She says Ms Chelangat is not alone, there are many circumcised women who are going through the same in Sebei region [Kapchorwa, Kween and Bukwo] and Karamoja sub-region and that many of them have serious implications for the sexual and reproductive health for girls and women.
She adds that the immediate complications include severe pain, shock, haemorrhage, tetanus or infection, urine retention, ulceration of the genital region and injury to adjacent tissue, wound infection, urinary infection, fever, and septicemia. Haemorrhage and infection can be severe enough to cause death.
“And the long-term consequences include complications during childbirth, anaemia, the formation of cysts and abscesses, keloid scar formation, damage to the urethra resulting in urinary incontinence, dyspareunia (painful sexual intercourse), sexual dysfunction, hypersensitivity of the genital area and increased risk of HIV transmission as well as psychological effects,” said Ms Chelangat
Arch Bishop of the Church of Uganda Stanley Ntagali while flagging of the 2017 Marathon to end FGM in Sebei sub-region said the shame, stigma and silence that surrounds FGM is what has allowed it to survive to this day.
“I am asking you to break the silence because silence has done nothing for us, silence has. hasn’t done anything for the little girls who have been put through this horrible practice – in fact silence has ensured that to this day, as we speak, there is a girl somewhere in the world who is crying, bleeding and asking for somebody to stop what is happening to her,” said Arch Bishop Ntagali.
Mr Alain Sibenaler, the representative, UNFPA Uganda Country Office urged the girls not to be silent in the face of such a profound abuse of human rights.
Mr Sibenaler asked the people to address the stigma of FGM as an unquestioned cultural and social process, the stigma felt by women who do not undergo ‘cutting’ and are judged negatively by their communities, the shame and stigma felt by those who have undergone the process, which may prevent many women from coming forward for help and support.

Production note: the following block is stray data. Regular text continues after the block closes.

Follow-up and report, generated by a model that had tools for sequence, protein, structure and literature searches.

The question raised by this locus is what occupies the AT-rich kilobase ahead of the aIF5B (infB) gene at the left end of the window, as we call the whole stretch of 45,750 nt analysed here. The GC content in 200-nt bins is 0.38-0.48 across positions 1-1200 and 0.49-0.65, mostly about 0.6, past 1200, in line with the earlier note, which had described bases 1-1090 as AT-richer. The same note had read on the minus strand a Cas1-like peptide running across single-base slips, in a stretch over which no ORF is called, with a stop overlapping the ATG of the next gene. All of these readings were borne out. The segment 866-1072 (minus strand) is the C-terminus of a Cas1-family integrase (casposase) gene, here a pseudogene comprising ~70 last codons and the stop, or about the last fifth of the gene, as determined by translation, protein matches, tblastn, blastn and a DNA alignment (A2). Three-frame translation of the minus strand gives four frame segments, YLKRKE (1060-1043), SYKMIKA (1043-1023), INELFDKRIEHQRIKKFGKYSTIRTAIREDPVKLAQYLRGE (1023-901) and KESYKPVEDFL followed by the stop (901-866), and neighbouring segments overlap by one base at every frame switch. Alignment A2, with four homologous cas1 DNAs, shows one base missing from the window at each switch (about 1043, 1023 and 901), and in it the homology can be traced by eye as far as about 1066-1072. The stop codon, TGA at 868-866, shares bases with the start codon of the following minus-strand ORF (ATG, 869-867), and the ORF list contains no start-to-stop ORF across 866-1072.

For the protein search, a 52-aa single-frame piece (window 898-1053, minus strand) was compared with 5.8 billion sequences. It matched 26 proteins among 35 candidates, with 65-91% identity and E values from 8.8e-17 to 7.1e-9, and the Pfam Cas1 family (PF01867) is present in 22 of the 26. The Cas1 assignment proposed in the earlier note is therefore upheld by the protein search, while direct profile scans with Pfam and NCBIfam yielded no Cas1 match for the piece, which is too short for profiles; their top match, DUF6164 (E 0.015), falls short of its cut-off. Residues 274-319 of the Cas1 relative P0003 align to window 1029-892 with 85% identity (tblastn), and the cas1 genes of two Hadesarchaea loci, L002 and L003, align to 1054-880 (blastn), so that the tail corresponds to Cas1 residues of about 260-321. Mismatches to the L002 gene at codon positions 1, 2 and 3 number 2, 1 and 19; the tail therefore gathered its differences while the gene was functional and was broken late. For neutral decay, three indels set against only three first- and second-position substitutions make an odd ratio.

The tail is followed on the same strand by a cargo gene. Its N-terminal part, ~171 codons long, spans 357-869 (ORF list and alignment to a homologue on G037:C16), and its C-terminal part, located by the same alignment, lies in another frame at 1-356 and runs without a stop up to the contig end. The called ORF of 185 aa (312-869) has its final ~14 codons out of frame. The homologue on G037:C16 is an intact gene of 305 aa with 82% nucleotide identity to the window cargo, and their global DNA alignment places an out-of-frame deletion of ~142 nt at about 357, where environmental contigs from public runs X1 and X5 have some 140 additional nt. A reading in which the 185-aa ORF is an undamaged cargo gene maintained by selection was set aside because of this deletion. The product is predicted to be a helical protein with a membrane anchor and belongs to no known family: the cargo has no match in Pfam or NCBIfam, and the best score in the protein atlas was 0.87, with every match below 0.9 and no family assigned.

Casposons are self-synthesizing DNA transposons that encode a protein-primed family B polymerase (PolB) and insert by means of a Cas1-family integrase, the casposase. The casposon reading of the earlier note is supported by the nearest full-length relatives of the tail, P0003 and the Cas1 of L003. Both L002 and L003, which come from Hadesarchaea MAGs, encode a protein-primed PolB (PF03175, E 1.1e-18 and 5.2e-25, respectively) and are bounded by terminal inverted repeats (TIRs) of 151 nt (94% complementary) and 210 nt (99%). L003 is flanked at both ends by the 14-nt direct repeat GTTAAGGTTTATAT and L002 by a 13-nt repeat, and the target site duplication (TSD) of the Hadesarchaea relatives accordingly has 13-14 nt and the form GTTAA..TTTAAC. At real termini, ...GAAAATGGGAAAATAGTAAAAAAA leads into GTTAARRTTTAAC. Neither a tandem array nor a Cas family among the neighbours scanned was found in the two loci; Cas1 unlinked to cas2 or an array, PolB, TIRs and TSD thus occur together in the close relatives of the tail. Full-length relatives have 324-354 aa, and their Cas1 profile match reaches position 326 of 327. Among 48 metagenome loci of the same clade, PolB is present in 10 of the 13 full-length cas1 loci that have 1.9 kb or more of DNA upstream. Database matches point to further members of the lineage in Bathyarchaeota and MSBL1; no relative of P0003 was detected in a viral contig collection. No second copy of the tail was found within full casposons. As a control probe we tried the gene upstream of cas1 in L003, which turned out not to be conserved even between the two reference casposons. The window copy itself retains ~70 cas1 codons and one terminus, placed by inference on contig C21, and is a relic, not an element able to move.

He explained that FGM endangers women and girls’ health, depriving them of their fundamental human rights, and denying them the chance to reach their full potential and live their dreams.
UNFPA, UNICEF and Church of Uganda jointly lead the national programme to accelerate the abandonment of FGM-the joint Programme harnesses the complementary expertise of the three agencies, with government and often in close collaboration with grass-roots community organizations and other key stakeholders, backed by the latest social science research.
Why does FGM persist?
Although FGM has been shown to have many harmful effects, both physical and emotional, the practice is sustained by social perceptions, including that girls will face shame, social exclusion and diminished marriage prospects, if they forego the practice. These perceptions must change. Ends
A 2015 Baseline Study on FGM found that 91% of the population now does not support FGM. In Uganda, the practice is locally known as “wonsetap koruk” and is practiced in Northeastern Uganda among the Sabiny in Kapchorwa, Kween, Bukwo, and among the Tepeth, Pokot and Kadam communities in Karamoja region